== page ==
Scuderia Ferrari descended into a devastating power struggle following the death of FIAT-Chrysler CEO Sergio Marchionne in July last year, experienced British and German journalists say.

With Marchionne’s death, journalists from Autosport and Auto Bild say Team Principal Maurizio Arrivabene began extending a tighter grasp over Ferrari, thus creating a devastating rift between himself and Chief Technical Officer, Mattia Binotto.

The declining nature of the team, with the newfound rivalry between the Scuderia’s two most prominent leaders, led to last week’s news that Arrivabene would leave the team after four seasons of failing to deliver a World Championship.

[Read about Maurizio Arrivabene’s Ferrari departure and what it could mean for the Scuderia in 2019]

British journalist Scott Mitchell, who works for Autosport, said in a video posted to the publication’s Youtube channel, that Arrivabene became much more vocal and central after Marchionne’s untimely passing. He tried to “establish himself”, Mitchell said.

German paper Auto Bild shared a similar narrative, saying Arrivabene used the “power vacuum” of Marchionne’s passing to strengthen himself and weaken Mattia Binotto’s standing. According to Auto Bild, Arrivabene froze Binotto’s technology budget in 2018, which eventually led to the latter threatening to leave the team.

Ferrari's new Team Principal, Mattia Binotto (Image courtesy of Scuderia Ferrari).

Mitchell corroborated the claim, saying that Ferrari “acted swiftly” because they risked losing Binotto after his rift with Arrivabene. “Ultimately Binotto is the man that you want around longer term, not Arrivabene,” Mitchell said.

Ferrari President John Elkann denied this claim in an open letter published in Italy’s Gazzetta dello Sport earlier this week. He said Binotto’s appointment to Team Principal “does not arise from alleged disagreements within the team.”

He described the change in management as “a line of continuity that aims at evolution, certainly not a ‘rupture’ compared to the past” – an allusion to the fact that Binotto is the fourth Team Principal in five years.

However, both sources point to these leadership disputes to explain the team’s rapid descent in form toward the end of 2018.

Auto Bild said Arrivabene and Binotto’s ongoing disputes were “one reason for the declining competitiveness”, whilst Autosport’s Scott Mitchell said Arrivabene’s lust for power was “largely responsible” for the form downturn. F1 Editor, Jonathan Noble, also said in the Autosport video that “Arrivabene was trying to crush things down and become a leader quite harshly.”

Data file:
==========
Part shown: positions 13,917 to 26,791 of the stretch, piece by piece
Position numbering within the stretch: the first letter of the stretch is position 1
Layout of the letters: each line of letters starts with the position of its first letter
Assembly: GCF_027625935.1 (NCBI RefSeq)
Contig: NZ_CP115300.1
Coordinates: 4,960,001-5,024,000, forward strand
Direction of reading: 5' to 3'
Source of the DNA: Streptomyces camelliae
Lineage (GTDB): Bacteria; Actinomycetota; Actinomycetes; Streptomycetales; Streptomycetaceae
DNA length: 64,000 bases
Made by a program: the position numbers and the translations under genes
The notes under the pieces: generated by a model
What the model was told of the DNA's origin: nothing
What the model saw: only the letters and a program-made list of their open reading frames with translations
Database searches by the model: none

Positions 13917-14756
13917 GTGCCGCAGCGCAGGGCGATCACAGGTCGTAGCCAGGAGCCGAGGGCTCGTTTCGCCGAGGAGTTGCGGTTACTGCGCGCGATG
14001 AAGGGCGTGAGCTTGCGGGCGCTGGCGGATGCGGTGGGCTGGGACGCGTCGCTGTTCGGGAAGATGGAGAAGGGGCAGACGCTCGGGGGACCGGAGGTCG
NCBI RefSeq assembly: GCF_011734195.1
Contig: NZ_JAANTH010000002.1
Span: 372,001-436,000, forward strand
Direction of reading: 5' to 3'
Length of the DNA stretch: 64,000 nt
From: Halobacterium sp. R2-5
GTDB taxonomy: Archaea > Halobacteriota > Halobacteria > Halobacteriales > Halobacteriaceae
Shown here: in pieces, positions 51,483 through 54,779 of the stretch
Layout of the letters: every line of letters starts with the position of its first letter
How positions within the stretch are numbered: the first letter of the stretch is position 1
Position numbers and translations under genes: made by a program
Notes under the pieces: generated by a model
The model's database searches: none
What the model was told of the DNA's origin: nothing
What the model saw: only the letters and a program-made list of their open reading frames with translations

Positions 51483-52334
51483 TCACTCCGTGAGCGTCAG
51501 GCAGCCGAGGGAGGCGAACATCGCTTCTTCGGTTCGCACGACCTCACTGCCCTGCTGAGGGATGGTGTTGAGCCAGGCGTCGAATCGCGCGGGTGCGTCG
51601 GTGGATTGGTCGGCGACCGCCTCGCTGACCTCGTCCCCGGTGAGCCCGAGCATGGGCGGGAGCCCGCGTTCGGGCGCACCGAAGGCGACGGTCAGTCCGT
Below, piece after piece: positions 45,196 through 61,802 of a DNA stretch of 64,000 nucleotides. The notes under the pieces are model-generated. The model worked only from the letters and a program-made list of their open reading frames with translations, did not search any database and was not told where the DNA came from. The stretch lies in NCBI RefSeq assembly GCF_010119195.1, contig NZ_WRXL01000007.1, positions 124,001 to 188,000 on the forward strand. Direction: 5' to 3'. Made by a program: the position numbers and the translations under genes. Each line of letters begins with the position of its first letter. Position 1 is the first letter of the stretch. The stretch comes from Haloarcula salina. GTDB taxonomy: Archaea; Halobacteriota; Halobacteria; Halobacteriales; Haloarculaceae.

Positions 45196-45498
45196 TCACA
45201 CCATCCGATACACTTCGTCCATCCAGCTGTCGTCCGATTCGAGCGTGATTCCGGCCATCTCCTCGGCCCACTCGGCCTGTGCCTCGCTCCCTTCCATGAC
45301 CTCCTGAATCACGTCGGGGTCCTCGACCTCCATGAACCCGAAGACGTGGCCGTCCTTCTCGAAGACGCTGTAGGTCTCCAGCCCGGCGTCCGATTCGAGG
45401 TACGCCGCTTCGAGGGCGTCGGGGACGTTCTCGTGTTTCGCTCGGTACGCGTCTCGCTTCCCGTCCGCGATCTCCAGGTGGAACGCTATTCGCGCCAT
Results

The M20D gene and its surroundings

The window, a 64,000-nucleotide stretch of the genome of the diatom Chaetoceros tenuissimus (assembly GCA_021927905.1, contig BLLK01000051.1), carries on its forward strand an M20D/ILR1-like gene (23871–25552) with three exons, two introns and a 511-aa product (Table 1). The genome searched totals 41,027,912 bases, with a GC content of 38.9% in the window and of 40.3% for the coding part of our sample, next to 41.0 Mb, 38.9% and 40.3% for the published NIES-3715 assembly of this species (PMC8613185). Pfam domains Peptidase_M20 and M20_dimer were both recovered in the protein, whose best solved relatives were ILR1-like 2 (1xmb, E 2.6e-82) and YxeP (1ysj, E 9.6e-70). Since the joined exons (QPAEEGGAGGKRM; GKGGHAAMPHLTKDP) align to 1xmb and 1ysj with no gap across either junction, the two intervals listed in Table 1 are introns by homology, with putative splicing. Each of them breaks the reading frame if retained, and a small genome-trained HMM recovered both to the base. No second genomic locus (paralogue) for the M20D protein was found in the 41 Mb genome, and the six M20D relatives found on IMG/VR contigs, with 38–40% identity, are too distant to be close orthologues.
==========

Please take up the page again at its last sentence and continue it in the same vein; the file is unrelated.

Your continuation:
From left-to-right, Maurizio Arrivabene, Sergio Marchionne, and Mattia Binotto (Image courtesy of Scuderia Ferrari).

Noble described Arrivabene’s style as “very aggressive”.

Auto Bild said Arrivabene’s “egocentric” leadership demotivated the Scuderia staff, “especially their leader Binotto.” The paper said Arrivabene no longer had the team’s support. “The mood at Ferrari was, after the summer break, on the ground,” Auto Bild’s Ralf Bach wrote.

“Everything also had to do with the leadership weakness that prevailed through Arrivabene,” Bach said.

Auto Bild’s article officially confirming Binotto’s promotion to Team Principal said Sebastian Vettel – the Scuderia’s lead driver who briefly led 2018’s championship – lacked “emotional support and the backing of his team boss.”

[Read about one consequence of Binotto’s new role as Team Principal].

Mitchell said Ferrari decided to remove Arrivabene because “they’ve realized that they’ve got someone in charge who’s not right for it.”

Mitchell further explained that Arrivabene “didn’t really have anything to do” with the technical overhaul at the end of the winless 2016 season, he attributed those successes to Sergio Marchionne and Mattia Binotto. “So he [Arrivabene] was neither sort of planner or executor of that grand vision.”

All sources agree that Arrivabene’s departure was needed. Ralf Bach wrote his piece in Auto Bild as a comment, which said “the team boss change change at Ferrari was the right decision.”

Former Ferrari Team Principal Maurizio Arrivabene looks on from the pitwall in Mexico City during 2018's Mexican Grand Prix (Image courtesy of Scuderia Ferrari).

His article also featured comments from former Ferrari driver Gerhard Berger, who agreed with the appointment of Binotto because he “is the man who technically has everything under control and knows the team behind him.”

Mitchell authored a piece for Autosport Plus explaining “Why Ferrari became desperate to ditch Arrivabene.”

Mitchell thinks Arrivabene’s departure will help Ferrari in 2019. “I don’t see Ferrari losing an awful lot by getting rid of him,” he said. In his mind, Ferrari gain a lot by having someone as good as Binotto in charge.

Arrivabene’s future plans remain unclear. However, alongside his role at Ferrari, he is a non-executive director for Italian football team, Juventus.

Auto Bild’s Ralf Bach suggested that Arrivabene could play a pivotal coordinating role at the Sauber F1 Team if Alfa Romeo, owned by FIAT-Chrysler, took over the Swiss outfit.

*All quotes in this story from Auto Bild have been translated into English. Translation was done with assistance from Google Translate.

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